US business schools take a stand against anti-Asian hate crimes
Anti-Asian hate crimes fueled by xenophobia and racism have skyrocketed in the US amid the COVID-19 outbreak. Examples of hate crimes against people of Asian descent in the United States are abound and growing by the day.
Earlier this month, an Atlanta spa shooting resulted in the death of eight people, six of whom were women of Asian descent left American reeling. While some have argued that the crime was not racially-motivated, the tragedy occurred at a time where dozens of physical attacks on Asians in the US are being reported weekly. Recently, Chinese-American war veteran Lee Wong revealed his battle scars during a town meeting in response to comments that he doesn’t look “American or patriotic enough”. According to reports, Wong retired from the army after 20 years of active-duty service.
Asian-Americans and international students of Asian descent are widely represented at some of the top business schools in America. A total of 19% of applicants at Harvard’s MBA Class of 2022 profile identified themselves as Asian-American; that same figure is 24% at Wharton, 23% at Stanford, and 18% at MIT Sloan School of Management, as per federal survey reporting.
In light of these recent tragedies and public outcry, an increasing number of universities and US business schools are taking a stand against anti-Asian hate crimes and denouncing racists actions towards the Asian American and Pacific Islander (AAPI) community.
No place for anti-Asian hate crimes at US universities, business schools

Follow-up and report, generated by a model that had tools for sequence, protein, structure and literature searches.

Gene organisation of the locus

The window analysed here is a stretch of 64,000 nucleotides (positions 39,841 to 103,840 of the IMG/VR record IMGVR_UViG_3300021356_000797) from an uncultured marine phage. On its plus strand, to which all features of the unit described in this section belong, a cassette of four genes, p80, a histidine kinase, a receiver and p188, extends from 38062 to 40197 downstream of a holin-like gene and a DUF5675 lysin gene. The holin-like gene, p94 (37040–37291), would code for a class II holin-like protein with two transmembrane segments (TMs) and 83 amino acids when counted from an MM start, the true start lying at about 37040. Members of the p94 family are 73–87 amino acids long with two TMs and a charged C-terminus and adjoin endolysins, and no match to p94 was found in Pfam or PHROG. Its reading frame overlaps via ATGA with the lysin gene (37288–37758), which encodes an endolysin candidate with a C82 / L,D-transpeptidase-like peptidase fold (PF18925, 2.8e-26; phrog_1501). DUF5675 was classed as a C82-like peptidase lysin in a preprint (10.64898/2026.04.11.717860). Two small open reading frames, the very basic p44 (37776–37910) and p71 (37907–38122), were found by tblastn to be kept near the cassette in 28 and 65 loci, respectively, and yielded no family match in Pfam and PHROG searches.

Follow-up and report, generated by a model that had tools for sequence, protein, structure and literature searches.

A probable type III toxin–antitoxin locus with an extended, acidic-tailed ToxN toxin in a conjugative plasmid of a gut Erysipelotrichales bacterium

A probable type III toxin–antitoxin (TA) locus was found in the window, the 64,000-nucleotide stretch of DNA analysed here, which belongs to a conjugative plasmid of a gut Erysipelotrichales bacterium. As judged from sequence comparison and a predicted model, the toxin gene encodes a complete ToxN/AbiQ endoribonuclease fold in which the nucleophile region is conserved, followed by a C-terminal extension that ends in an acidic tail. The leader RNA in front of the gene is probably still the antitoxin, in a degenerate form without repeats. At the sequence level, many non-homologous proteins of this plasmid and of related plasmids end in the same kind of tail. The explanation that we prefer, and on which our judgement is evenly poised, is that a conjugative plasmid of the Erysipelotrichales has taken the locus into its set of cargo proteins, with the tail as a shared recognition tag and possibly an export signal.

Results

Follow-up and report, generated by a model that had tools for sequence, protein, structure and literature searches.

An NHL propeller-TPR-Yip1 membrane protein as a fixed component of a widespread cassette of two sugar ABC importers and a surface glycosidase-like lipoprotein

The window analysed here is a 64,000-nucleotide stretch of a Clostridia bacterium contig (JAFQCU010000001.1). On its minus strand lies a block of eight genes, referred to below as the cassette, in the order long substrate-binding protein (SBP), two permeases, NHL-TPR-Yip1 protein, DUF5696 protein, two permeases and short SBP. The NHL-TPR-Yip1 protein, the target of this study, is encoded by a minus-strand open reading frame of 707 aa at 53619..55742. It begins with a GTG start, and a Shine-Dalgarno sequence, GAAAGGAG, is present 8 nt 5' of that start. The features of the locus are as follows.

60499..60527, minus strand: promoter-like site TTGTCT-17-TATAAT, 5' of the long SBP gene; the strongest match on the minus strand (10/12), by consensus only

In a press statement, the Graduate Management Admission Council (GMAT) said: “As a community that values diversity, we are greatly saddened and disturbed to know that people of Asian heritage are reporting experiencing acts of discrimination and violence. The uptick in crimes, racist acts and bullying against individuals of Asian heritage, Asian Americans and Pacific Islanders cannot stand. One act of this nature is too many.”
They added that they are committed to creating opportunities for students to pursue their dreams of attaining an MBA or business master’s degree in a safe and welcoming environment.
“As GMAC reiterates our commitment to supporting global diversity in the candidate pipeline, we remain dedicated to our ongoing efforts to maximise access for a diverse and inclusive pool of students to the opportunities provided by graduate business schools in the US and around the world. We stand with our staff, school colleagues and candidates in solidarity against anti-Asian hate.”
Tuck School of Business dean Matthew Slaughter said: “The Tuck School does not condone or tolerate racism in any form. We create, teach, and apply life-changing business knowledge in a distinctly immersive community. To succeed in our mission, racism — overt or hidden — has no place in our School. We are committed to providing a campus environment that is welcoming, supportive, and safe.”
Slaughter said the School offers various forms of support for students, faculty, or staff who are experiencing trauma prompted by recent events. This includes reaching out for help via their counsellors and reporting incidents of bias via an app. “Let us continue our shared work, supporting one another and standing in solidarity against hatred,” he said.
The University of Pennsylvania said they offer numerous programmes aimed at supporting their international and Asian American students. “Just this past year, we formed a Task Force on Support for Asian and Asian American Students and Scholars to coordinate and enhance support to members of the Penn community experiencing increased stigma, bias, discrimination, and violence during the COVID-19 pandemic. We encourage all members of the Penn community to join the Task Force’s #FlattenTheHate Campaign,” they said.